In the Spring of 2004 there were many European, International and Global Nursing Organisations. However, when it came to psychiatric nursing, unlike so many other specialist nursing groups, it was clear we lacked not just an Organisation but also a representative voice.
Two psychiatric nurses from Malta and the Netherlands sought the interest of other national psychiatric nursing organisations to start a network. This resulted in a group called the Psychiatric Nursing Work Group (PNWG) that first met October 2005 in Amsterdam.
At that meeting the decision was taken to transform the group into an association and with the name ‘Horatio: European Psychiatric Nurses’. In April 2006 the Association was formally established and in May 2006 the second meeting took place in Prague. The network increased rapidly and currently has membership from most European countries.
Some members are individuals; some are representatives of an International Organisation within the field of psychiatric or mental health nursing or the psychiatric sections in their national nursing associations. We also have institutional memberships, such as libraries or universities. We liaise with organisations beyond Europe as well as mental health groups representing both carers and patients with mental health problems.
Much discussion took place with those first participants at the inaugural meeting in Amsterdam in 2005. It was decided that a European association representing psychiatric nurses needed to have a specific identity. Being yet another organisation with an acronym was not going to do the job. After much debate the organisation’s first General Secretary, Ber Ommen, suggested the name of Horatio.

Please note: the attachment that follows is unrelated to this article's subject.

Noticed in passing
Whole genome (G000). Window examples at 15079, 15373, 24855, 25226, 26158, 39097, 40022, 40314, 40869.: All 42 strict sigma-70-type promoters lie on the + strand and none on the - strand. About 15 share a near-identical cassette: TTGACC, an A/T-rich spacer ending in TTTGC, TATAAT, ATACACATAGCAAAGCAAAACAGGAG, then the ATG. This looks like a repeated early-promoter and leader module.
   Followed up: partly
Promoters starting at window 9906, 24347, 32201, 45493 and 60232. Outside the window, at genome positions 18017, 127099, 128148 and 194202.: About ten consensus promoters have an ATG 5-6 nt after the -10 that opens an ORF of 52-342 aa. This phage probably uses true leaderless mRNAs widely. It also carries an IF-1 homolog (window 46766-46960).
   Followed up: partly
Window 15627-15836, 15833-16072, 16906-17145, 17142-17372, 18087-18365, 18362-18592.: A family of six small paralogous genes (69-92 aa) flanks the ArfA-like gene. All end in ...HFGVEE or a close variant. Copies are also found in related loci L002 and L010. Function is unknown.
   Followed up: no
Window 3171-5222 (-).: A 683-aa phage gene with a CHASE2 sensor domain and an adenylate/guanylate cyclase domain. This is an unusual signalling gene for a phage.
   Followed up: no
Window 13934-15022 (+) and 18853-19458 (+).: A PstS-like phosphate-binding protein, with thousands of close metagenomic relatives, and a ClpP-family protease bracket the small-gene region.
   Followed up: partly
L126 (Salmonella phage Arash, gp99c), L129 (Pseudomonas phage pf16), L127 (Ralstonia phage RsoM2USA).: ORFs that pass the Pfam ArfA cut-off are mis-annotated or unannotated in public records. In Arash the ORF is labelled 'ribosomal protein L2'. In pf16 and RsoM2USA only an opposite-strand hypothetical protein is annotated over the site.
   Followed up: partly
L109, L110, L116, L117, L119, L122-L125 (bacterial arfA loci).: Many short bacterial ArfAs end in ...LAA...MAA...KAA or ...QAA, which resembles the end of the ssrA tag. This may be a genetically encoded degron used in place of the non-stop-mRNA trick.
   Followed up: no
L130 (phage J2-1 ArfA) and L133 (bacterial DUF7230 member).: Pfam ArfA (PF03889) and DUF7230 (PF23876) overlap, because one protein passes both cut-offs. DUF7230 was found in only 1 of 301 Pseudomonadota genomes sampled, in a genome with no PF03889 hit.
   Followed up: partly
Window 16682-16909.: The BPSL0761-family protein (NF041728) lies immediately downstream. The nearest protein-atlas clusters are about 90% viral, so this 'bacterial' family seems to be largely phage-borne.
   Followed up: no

This is a character in Shakespeare’s play, Hamlet, a man who is the king’s counselor, his confidant and someone who stood by his side through both his happy and dark moments. Hamlet, the king, was a troubled man and he choose only Horatio to be his friend and help him with the struggles of his inner life.
Hamlet wanted Horatio in that role In the end Hamlet died, badly, but felt that he had discovered the meaning of his life – ‘To be, or not to be’, with Horatio’s help.
The group felt that this character and his position reflected very much the role of the psychiatric nurse and the position they often had to adopt between the patient and their world. In daily practice nurses are often confronted with patients similar to Hamlet, finding it difficult to live with different realities.
The name of Horatio: European Psychiatric Nurses was adopted because it gave the organisation an aspirational title, not just a series of letters.